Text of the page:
Heatwave leaves four Cork areas at risk of drought 

Four areas in Cork are at risk of drought as scorching hot temperatures are set to continue until Wednesday.
Heatwave leaves four Cork areas at risk of drought 

Irish Water have warned that there are currently four areas in Cork that are at risk of drought: Clonakilty, Roberts Cove, Whitechurch and Coppeen. It has said that it is also closely monitoring a number of other schemes in Cork. Pic: Maxpix

Four areas in Cork are at risk of drought as scorching hot temperatures are set to continue until Wednesday.

Irish Water have warned that there are currently four areas in Cork that are at risk of drought: Clonakilty, Roberts Cove, Whitechurch and Coppeen. It has said that it is also closely monitoring a number of other schemes in Cork. 

Since the middle of last week Irish Water has seen a noticeable increase in water usage, particularly in seaside resorts and agricultural areas with demand likely to remain high through July and August.

Measures being implemented by Irish Water in at-risk areas include tankering and/or night time restrictions to protect supplies and ensure water keeps flowing to homes and businesses.

Irish Water are asking the public to take steps to conserve water and to avoid the need for restrictions later in the summer – such as avoiding power washing or hosing gardens, checking for leaks on outdoor taps or troughs, and re-using water in paddling and swimming pools where possible.

At home, people are advised to take shorter showers and turn off the tap when brushing teeth or shaving. Those washing cars are advised to use a bucket and sponge instead of a hose, while those watering gardens should do so in the evening when water won't evaporate, and with a watering can instead of a hose, watering close to the roots of plants. 

“We would like to thank the public for their support in conserving water and ask that they continue to conserve over the summer months. It can sometimes be difficult to know where to start, but even small changes can make a significant difference – and we can all play our part. By reducing the water used for example turning off the hose and avoiding power washing we can all help ensure there is enough water for everyone as we go through the summer," said Tom Cuddy, Irish Water’s Head of Asset Operations.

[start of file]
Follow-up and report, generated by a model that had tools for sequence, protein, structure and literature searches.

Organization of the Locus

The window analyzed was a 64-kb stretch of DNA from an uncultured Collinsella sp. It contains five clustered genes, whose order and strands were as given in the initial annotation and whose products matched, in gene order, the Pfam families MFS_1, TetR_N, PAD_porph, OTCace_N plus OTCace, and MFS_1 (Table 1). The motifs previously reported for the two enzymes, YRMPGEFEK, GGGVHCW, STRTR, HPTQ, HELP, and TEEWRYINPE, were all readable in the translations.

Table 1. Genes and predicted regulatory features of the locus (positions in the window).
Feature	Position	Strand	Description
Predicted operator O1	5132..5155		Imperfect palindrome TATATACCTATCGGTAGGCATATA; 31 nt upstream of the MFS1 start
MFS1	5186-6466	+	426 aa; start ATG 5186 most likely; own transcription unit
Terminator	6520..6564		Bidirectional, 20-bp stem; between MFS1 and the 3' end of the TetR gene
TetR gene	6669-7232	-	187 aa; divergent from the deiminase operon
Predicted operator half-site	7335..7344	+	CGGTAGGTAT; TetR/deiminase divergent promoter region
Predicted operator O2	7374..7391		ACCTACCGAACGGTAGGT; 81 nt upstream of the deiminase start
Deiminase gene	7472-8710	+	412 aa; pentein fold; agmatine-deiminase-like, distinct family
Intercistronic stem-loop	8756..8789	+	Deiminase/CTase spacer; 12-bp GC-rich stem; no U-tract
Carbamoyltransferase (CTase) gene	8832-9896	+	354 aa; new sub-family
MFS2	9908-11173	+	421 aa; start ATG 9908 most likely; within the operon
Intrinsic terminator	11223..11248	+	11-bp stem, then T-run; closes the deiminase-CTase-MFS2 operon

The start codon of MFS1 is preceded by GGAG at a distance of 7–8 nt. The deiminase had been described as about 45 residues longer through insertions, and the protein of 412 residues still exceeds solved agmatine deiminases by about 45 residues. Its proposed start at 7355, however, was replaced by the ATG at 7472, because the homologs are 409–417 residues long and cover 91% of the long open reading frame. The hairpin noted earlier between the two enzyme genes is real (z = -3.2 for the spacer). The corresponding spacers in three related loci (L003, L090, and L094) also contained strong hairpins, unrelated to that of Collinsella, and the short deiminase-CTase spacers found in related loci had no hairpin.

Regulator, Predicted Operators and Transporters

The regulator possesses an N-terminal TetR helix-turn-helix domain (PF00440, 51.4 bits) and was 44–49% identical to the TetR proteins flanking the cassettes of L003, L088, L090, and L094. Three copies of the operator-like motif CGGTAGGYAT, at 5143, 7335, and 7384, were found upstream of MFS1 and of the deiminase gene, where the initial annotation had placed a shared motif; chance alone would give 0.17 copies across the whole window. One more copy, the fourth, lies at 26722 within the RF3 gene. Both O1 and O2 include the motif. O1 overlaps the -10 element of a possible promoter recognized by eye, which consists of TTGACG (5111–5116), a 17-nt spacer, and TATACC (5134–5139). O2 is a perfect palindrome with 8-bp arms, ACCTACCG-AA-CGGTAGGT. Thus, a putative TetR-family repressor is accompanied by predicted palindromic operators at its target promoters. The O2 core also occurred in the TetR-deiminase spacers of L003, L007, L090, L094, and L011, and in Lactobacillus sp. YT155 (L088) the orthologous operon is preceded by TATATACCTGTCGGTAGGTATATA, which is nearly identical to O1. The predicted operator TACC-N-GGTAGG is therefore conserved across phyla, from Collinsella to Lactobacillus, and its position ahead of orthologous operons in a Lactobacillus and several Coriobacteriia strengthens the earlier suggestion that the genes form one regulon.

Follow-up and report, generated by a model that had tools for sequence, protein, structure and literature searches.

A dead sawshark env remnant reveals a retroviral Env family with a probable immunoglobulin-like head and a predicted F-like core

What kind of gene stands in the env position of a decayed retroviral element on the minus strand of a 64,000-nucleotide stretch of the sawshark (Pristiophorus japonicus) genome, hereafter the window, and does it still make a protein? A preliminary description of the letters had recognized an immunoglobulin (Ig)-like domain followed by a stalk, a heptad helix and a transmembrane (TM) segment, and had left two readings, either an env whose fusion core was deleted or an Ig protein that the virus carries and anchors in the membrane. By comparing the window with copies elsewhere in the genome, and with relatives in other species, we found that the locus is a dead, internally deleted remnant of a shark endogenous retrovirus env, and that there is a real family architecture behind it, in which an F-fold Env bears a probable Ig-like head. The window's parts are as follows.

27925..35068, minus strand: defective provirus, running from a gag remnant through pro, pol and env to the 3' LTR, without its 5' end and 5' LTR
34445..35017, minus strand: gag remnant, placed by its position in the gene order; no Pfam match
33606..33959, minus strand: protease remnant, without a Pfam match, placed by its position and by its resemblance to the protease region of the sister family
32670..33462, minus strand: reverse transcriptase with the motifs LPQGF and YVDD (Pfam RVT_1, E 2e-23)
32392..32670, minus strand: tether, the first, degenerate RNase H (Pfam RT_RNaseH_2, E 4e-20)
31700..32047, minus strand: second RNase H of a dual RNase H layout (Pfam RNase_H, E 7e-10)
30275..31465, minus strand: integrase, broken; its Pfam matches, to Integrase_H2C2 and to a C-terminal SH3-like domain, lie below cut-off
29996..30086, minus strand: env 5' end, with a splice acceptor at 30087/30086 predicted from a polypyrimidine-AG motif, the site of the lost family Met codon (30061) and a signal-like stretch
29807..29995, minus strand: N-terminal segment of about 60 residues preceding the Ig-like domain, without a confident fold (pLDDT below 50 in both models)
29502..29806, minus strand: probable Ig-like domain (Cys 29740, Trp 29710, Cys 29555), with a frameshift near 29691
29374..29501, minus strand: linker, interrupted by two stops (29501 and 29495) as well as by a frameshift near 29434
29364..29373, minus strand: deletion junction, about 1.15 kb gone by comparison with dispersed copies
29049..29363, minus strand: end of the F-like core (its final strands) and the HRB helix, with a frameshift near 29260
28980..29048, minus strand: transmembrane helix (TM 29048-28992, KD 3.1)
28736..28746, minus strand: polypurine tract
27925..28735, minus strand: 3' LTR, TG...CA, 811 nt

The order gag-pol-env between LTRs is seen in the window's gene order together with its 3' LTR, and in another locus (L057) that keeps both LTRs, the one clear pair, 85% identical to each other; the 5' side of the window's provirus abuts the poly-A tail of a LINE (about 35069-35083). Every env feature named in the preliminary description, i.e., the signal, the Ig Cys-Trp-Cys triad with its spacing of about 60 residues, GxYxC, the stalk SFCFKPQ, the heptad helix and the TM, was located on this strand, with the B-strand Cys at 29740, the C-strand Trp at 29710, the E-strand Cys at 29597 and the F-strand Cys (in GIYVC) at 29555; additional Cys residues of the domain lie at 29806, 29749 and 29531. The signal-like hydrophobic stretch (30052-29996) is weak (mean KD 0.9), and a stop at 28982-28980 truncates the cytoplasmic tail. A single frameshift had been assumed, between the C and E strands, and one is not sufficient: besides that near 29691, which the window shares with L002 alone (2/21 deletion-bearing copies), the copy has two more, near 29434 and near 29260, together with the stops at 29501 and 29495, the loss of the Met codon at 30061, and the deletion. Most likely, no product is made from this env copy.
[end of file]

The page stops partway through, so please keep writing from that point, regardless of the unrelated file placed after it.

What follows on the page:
“We will continue to monitor the levels at all our supplies over the coming weeks and months and take any actions that may be necessary to maintain supplies, including communicating about localised issues as they arise,” he added. 

Members of the public are also asked to look out for visible leaks in the public water network, or low water pressure in their homes which could indicate a leak.

Leaks can be reported by contacting Irish Water at 1800 278 278 or on Irish Water's website. The website also contains more information and advice on water conservation. 

Meanwhile, Minister for Older People Mary Butler is advising those with underlying health conditions, as well as older people, to stay safe during the hot weather.

She is urging the public, and especially those who are more vulnerable, to stay hydrated, ensure homes are properly ventilated, and keep out of direct sunlight as much as possible during the day, especially between peak UV hours of 11am and 3pm.

“Heat stress, heat exhaustion and heatstroke are potentially serious health risks for people during a heatwave. I urge older people, and anyone caring for someone, to take steps to stay cool and hydrated and monitor for signs of dehydration and heat exhaustion," she said, adding that a GP or pharmacist will be able to advise if any medicines may make someone more likely to become ill from the heat. 

Minister Butler is particularly urging those who are caring for someone to be vigilant. 

“If you are caring for someone, they may not have a sense of how much they are drinking. To help them, make sure they drink during mealtimes and offer food with a high water content," she said. 

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